“I’ll find you.”
He only had a few words left before his brutal demise, and he chose to direct them toward the love of his life, Maggie.
Glenn Rhee of "The Walking Dead," Asian America’s favorite pizza delivery boy turned zombie apocalypse warrior, died the same way he lived — selflessly.
In a time of bleakness and cruelty, Glenn was our shining glimmer of hope; our moral compass who showed us that the goodness of humanity was something still worth fighting to preserve.
The mere existence of Glenn Rhee was revolutionary. Here was a bright, young Asian-American male character on a mainstream American television program who served a greater purpose than just existing solely to be a sidekick or a punch line to a second-rate joke. He was a loyal friend, a fearless leader, and a loving husband. The complexities behind the portrayal of Glenn elevated his character above Long Duk Dong, Leslie Chow, and Han Lee. He was fully-fleshed and multi-faceted. He had different shades, wrinkles, and nuances, resembling more a relatable human being rather than a cartoonish caricature.
This is largely in thanks to Robert Kirkman, the creator of “The Walking Dead” comic, but it was Steven Yeun’s sensitive and dedicated performance for the last seven seasons of the television adaptation that propelled this character to new heights.
“Though Glenn died, for seven seasons, Steven Yeun slayed,” actor Daniel Dae Kim said on Twitter.
Yeun was largely an unknown coming out of Kalamazoo College in Michigan, but is now one of the most recognizable Asian-American actors on the planet.
As a young filmmaker, I am thankful for Glenn Rhee and Steven Yeun. I didn’t grow up seeing very many faces or hearing many stories that looked like mine in American movies or television. To have had the pleasure of witnessing this character’s thoughtful journey and evolution from a naive errand runner to powerful defender was more than just entertaining, it was transformative.
There’s a moment in season three that I will never forget. After Glenn was captured and badly beaten by The Governor’s men, they released a walker into the room to finish him off. Not only did he resourcefully vanquish the walker with a broken chair arm, but afterwards he let out this enormous roar. There he stood, covered in blood, with this battle cry that shook my television set and my senses. It was one of the powerful images of an Asian-American male I had ever seen.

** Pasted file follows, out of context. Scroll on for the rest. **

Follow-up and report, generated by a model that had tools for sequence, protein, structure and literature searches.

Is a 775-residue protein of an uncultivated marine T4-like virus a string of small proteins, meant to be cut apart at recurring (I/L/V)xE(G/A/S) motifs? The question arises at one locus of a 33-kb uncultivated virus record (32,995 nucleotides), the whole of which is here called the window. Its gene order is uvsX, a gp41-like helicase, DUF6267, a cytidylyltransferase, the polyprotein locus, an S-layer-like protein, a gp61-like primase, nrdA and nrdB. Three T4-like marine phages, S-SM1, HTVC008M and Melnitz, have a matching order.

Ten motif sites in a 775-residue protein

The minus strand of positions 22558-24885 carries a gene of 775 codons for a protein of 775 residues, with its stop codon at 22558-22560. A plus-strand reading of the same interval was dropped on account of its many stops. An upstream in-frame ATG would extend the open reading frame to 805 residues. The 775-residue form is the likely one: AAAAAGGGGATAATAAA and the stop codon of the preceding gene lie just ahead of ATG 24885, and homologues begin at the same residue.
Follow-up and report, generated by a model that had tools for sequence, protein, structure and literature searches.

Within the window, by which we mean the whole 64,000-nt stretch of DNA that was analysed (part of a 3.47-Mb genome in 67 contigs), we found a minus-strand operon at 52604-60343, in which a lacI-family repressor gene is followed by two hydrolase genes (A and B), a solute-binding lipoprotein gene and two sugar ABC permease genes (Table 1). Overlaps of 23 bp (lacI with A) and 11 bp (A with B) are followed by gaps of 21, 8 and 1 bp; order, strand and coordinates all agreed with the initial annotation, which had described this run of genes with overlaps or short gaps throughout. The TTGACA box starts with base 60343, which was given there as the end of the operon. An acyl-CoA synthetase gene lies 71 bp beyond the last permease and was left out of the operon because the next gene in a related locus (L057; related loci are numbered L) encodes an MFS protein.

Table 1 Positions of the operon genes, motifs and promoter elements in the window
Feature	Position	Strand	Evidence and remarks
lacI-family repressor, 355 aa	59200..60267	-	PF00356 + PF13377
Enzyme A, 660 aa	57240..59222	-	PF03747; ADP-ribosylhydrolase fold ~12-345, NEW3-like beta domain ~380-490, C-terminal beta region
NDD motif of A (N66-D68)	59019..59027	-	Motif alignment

He combated evil with his heart and his emotionality, not just with his fists. When there were those who threatened him and his group, he would stand his ground while utilizing his trademark reasoning and empathy. He went as far as to risk his own life to protect someone as despicable as Nicholas, a coward who attempted to murder him in cold blood. His life was filled with close calls, and he never took it for granted and neither did his viewers.
That’s the kind of person Glenn Rhee was. This is why we must celebrate how he lived.
After experiencing the nightmare-inducing season seven premiere of “The Walking Dead,” I had difficulty sleeping. I replayed the moment over and over again in my mind hoping that I was just hallucinating what had transpired. It was sadistic as it was heartbreaking. It sounds silly to be talking about a fictional character on a fictional show like it’s a real life account, but the very best art is a reflection of ourselves and the people around us, and it felt very much like we lost a good friend that night.
In a time when Asian Americans are fighting harder than ever for media visibility and being more vocal about creating quality roles for actors, losing one that helped pave the way for the rest of the community in such a relentlessly vicious manner was absolutely devastating. Glenn Rhee broke and rewrote all of the rules for what an Asian-American character could or couldn’t do. He was a desirable romantic interest, a charismatic action hero, and a believable everyman all rolled into one. His influence was far and wide, and he left an important legacy for Asian Americans.
There will never be another one quite like him.
If I learned anything from Glenn, it’s that you can always find a way — a way to do better, a way to be better. No matter how great the odds are stacked against you, no matter how many people doubt your abilities, there’s always a way.
Thank you for helping me find mine, Glenn.
Wherever you are, I hope you found yours too.